Macdonald described a fight between two adult vixens that was accompanied by much gekkering and screaming as the two sideways barged each other, “parried fang with fang” and rolled together in what he portrayed as a ball of fur and teeth. The resident dog fox, alerted by the commotion from several hundred metres away, came flying across the field and collided with the combatants, knocking the interloping vixen off her feet; the dog proceeded to chase the interloper out of the territory into a hedge where the fighting continued until the dog emerged, a little further down, victorious. This dog fox walked out of the hedge with a stiff-legged gait (almost prancing) holding his tail “poker-stiff and slightly above the horizontal”; classic body language of a winning fox.
Macdonald’s account is an interesting one because vixens typically appear subordinate to dogs; a vixen often greet a dog with her ears flat, squirming on the ground at the dog’s feet as she licks at his muzzle; she may also thrash her tail (see his photo on the right). The dog greets the vixen with his head held low, uttering a low ‘warbling’ sound. Hence, aggression is almost invariably intrasexual (i.e. males vs. male, females vs. females), rather than intersexual (i.e. males vs. females). Indeed, Macdonald goes on to describe a ‘fight’ between a dog and vixen from different territories at the boundary between the two groups in Israel’s Judean Desert. In this case the dog pirouetted on his hind legs, holding his paws close to his chest and stepping in circles around the vixen who was squirming on the ground in typically submissive style. The dog never followed through with his attack and the vixen never retaliated.
Macdonald considered that the fact her adversary was male prevented the vixen from defending herself, while the dog was inhibited from attacking his opponent because she was female. Indeed, he observed dogs to be very tolerant of neighbouring vixens, too. Despite the occasional attack by a dog on a vixen, Macdonald never observed a vixen attack a dog and footage on the BBC’s Autumnwatch series of the foxes living on the Pitsea landfill site in Essex showed a new dog fox arriving on the territory who, despite being aggressive to the male cub from that year’s litter and being large, behaved submissively towards the dominant vixen.
In fox society, the dominant pair tends to share the same hierarchical status (the dog is often dominant over the vixen, although there may come a point where the vixen has been as tolerant as she can and rebels) and the fortunes of a subordinate can change depending on the presence of other group members. Related vixens may start out being friendly towards each other (sleeping, playing and feeding together) and, while this may continue for a long period, it can degenerate quickly with one becoming dominant over the other. When two vixens meet there are often (sometimes subtle) behavioural indications that one is dominant to the other; at the extreme a subordinate will greet a dominant vixen in the same way a vixen greets a dog, much frantic tail thrashing.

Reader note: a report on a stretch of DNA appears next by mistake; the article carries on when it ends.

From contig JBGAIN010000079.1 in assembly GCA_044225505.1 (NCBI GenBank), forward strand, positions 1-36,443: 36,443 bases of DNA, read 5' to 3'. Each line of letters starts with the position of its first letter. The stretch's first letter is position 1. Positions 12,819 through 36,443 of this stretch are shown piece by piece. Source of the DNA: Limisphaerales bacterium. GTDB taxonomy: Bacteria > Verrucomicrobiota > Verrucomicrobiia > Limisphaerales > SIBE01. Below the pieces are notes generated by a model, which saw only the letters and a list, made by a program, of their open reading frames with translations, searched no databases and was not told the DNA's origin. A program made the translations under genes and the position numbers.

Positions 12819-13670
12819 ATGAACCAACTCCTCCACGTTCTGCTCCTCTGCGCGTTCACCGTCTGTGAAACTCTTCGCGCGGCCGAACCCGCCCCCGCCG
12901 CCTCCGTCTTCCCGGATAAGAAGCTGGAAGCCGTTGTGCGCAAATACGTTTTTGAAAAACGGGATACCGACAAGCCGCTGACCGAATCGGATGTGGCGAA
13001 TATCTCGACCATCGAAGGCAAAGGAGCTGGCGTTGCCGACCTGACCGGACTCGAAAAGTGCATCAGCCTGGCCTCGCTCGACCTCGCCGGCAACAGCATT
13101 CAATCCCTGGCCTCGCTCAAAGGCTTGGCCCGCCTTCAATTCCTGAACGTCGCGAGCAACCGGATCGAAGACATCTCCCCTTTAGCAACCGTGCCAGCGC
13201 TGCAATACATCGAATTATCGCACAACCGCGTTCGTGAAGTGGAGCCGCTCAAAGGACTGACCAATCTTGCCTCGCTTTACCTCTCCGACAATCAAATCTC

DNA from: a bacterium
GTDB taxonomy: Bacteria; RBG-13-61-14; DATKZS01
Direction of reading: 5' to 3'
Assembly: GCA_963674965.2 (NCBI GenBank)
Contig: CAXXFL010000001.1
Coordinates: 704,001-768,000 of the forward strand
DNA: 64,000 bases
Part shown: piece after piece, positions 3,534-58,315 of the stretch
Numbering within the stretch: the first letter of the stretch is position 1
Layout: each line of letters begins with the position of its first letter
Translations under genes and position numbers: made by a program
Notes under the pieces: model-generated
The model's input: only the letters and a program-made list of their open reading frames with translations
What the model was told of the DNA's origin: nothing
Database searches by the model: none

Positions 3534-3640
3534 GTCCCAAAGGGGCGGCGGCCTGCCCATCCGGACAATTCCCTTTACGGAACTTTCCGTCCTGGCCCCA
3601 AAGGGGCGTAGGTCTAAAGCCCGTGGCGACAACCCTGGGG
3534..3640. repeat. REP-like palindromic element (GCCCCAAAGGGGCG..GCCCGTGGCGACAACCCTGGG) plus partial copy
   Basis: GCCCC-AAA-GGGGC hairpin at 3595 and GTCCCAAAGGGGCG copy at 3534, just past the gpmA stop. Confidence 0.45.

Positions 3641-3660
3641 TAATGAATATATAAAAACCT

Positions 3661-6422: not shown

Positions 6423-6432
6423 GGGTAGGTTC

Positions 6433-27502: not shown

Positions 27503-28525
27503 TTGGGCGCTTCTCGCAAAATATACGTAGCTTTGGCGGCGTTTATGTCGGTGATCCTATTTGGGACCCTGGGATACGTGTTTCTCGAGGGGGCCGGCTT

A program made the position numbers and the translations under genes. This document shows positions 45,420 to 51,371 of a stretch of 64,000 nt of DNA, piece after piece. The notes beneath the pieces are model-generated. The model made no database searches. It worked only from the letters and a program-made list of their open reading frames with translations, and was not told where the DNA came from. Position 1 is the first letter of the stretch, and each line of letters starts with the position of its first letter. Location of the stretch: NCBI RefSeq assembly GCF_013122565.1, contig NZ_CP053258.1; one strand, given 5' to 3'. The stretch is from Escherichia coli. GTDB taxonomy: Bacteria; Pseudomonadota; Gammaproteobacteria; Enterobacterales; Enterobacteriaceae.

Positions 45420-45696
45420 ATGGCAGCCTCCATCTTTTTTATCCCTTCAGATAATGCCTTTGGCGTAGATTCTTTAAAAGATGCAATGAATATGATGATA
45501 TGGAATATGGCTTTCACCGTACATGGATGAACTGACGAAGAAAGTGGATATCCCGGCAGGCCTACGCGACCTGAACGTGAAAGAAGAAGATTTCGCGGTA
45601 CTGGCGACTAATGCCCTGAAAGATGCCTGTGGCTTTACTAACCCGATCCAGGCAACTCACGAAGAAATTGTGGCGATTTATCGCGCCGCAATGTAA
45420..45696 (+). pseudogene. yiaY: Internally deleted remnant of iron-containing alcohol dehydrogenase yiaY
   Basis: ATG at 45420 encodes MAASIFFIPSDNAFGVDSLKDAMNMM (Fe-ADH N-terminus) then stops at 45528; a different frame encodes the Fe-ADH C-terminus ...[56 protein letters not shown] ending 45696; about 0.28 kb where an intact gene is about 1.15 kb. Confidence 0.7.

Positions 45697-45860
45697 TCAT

Macdonald found that, in two of his captive vixen sisters, one was completely dominant over the other and rebuked the other if she was caught taking food or getting too close to the dog fox, with which she was apparently besotted. When the dominant vixen was removed, the subordinate returned to her previously calm demeanour; it seems that a few hours respite from social oppression is sufficient to restore behaviour, suggesting the traits of social status are only skin deep. When the dominant vixen was reintroduced to the group, the subordinate’s confidence collapsed again. He also observed changes in hierarchy when the dominant dog was replaced. The introduction of a new dog to his study group following the death of the previous one from leptospirosis resulted in the vixen at the bottom of the social ladder suddenly moving to the top, becoming dominant over the two that had previously been highly aggressive towards her.
In another example, Macdonald observed that a low-ranking subordinate rose instantly to the top of the pecking order when a new dog was introduced to the group following the death of the old one. A similar change in ranking was observed by Thelma Clarke among the foxes visiting her cottage in the New Forest, Hampshire. In her book, A New Forest Fox Family, Clarke described how an un-related interloping vixen went from timid lurker in the bushes to confident dominant vixen shortly after the resident dominant vixen disappeared.